Hmm ... the Axis and the Federation are fighting over the last remaining fossil fuels ... why does this sound so familiar?
Cybernator is a giant-robo-mecha-anime-whatever side scrolling run-and-gun game from Konami that had a small following but kind of faded off into obscurity soon after it's release.
It's kind of an odd run-and-gun game. It has a very slow and deliberate pace, for one thing, with a lot of dialogue and plot development between missions. You are also in a big clunky mech and thus move kind of slow, though there are some fast paced scenes where you're flying through outer space.
The gameplay and the level design both take some getting used to. A lot of the game takes place in zero gravity so you're able to both walk and float, and your gun doesn't necessarily wind up pointing in the direction that you are so you have to fix it in place sometimes by holding the L shoulder button.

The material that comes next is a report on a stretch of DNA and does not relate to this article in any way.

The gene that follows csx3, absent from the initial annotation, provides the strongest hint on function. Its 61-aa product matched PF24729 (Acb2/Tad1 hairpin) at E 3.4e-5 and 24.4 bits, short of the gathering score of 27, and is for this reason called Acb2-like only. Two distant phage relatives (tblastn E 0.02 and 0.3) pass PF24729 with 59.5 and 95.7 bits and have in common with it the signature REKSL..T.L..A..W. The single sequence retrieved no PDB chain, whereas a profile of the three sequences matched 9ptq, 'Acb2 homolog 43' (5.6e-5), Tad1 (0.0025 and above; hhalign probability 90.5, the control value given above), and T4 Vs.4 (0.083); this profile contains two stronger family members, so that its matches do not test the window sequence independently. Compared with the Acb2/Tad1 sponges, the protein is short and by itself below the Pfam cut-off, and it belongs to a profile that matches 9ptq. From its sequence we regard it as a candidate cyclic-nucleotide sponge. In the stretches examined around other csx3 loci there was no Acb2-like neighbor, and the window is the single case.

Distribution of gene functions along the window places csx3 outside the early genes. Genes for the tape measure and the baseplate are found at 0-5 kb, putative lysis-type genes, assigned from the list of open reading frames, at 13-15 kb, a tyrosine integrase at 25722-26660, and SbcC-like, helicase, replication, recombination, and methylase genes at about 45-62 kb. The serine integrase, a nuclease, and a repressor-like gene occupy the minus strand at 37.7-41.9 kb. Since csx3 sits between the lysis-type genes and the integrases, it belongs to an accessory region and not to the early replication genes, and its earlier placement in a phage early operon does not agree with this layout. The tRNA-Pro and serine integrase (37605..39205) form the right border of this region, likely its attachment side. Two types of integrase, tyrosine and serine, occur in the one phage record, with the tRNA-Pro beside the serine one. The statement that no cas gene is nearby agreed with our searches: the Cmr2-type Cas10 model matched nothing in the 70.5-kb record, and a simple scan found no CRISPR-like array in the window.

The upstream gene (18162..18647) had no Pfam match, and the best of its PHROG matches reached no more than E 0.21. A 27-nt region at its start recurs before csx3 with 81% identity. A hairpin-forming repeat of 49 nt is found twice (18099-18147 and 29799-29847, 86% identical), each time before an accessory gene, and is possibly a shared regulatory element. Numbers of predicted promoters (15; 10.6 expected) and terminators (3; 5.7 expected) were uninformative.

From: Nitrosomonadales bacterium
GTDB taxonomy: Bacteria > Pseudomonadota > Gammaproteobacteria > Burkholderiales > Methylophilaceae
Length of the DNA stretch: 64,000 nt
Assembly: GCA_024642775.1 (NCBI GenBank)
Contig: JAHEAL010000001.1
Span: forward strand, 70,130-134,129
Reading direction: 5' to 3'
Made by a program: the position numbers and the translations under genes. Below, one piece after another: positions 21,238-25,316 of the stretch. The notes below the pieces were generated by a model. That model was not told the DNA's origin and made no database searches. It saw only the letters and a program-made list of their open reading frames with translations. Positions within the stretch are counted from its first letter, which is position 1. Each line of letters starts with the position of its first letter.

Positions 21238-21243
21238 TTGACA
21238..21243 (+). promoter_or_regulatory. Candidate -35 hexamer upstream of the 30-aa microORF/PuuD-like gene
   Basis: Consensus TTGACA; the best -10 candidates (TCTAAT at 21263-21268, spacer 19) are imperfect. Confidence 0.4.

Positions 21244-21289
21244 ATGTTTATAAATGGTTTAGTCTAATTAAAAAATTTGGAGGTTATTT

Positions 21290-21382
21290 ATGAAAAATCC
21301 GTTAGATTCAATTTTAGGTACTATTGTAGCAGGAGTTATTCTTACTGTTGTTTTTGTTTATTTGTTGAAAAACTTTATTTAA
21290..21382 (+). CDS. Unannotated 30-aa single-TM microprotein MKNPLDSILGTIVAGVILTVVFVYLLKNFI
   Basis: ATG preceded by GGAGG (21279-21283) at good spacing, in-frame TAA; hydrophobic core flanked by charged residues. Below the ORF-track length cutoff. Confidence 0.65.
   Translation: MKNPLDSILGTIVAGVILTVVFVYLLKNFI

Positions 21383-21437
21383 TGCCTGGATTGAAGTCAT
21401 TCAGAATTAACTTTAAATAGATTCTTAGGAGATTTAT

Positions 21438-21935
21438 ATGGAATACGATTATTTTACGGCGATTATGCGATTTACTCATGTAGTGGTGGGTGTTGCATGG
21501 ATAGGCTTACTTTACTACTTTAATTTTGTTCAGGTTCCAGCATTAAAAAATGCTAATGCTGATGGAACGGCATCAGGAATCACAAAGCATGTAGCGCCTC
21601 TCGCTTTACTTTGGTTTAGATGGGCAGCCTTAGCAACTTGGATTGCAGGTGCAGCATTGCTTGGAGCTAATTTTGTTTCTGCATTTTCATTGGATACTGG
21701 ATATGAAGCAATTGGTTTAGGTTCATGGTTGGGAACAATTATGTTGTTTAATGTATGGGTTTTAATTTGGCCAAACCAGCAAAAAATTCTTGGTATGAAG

The game can be fun, but it's really hard. The main problem seems to be that your weapons are inadequate to the barrage of enemies that the game throws at you.
Yeah, it gets really tedious when every common enemy takes like 18000 hits to kill and has these super weapons that trash you up easily. I think the worst bit of the game is level 3, where you keep going through these narrow corridors fighting tons of laser turrets that pop out of the ground and shoot this beam that follows you around. You barely have any room to dodge, it does a ton of damage when it hits, there's like a million turrets and they take a ridiculous amount of shots to kill. It just turns into this long, frustrating slow-paced slog at parts like that.
I often felt like I was battling with the controls more than with the enemies.
Cybernator has its moments and its qualities but I really don't think it's worth the frustration - they did a poor job of balancing the game's difficulty and placing the enemies. Also, the official English release of the game was pretty butchered.
Yeah, the original Japanese version had much more plot development and dialogue. Plus, they cut character portraits from the in-game communications, and apparently axed at least one major cutscene.
Aeon Genesis Translations released an English patch for the Japanese version a couple of years ago, so if you're interested in this game you might want to check that out instead.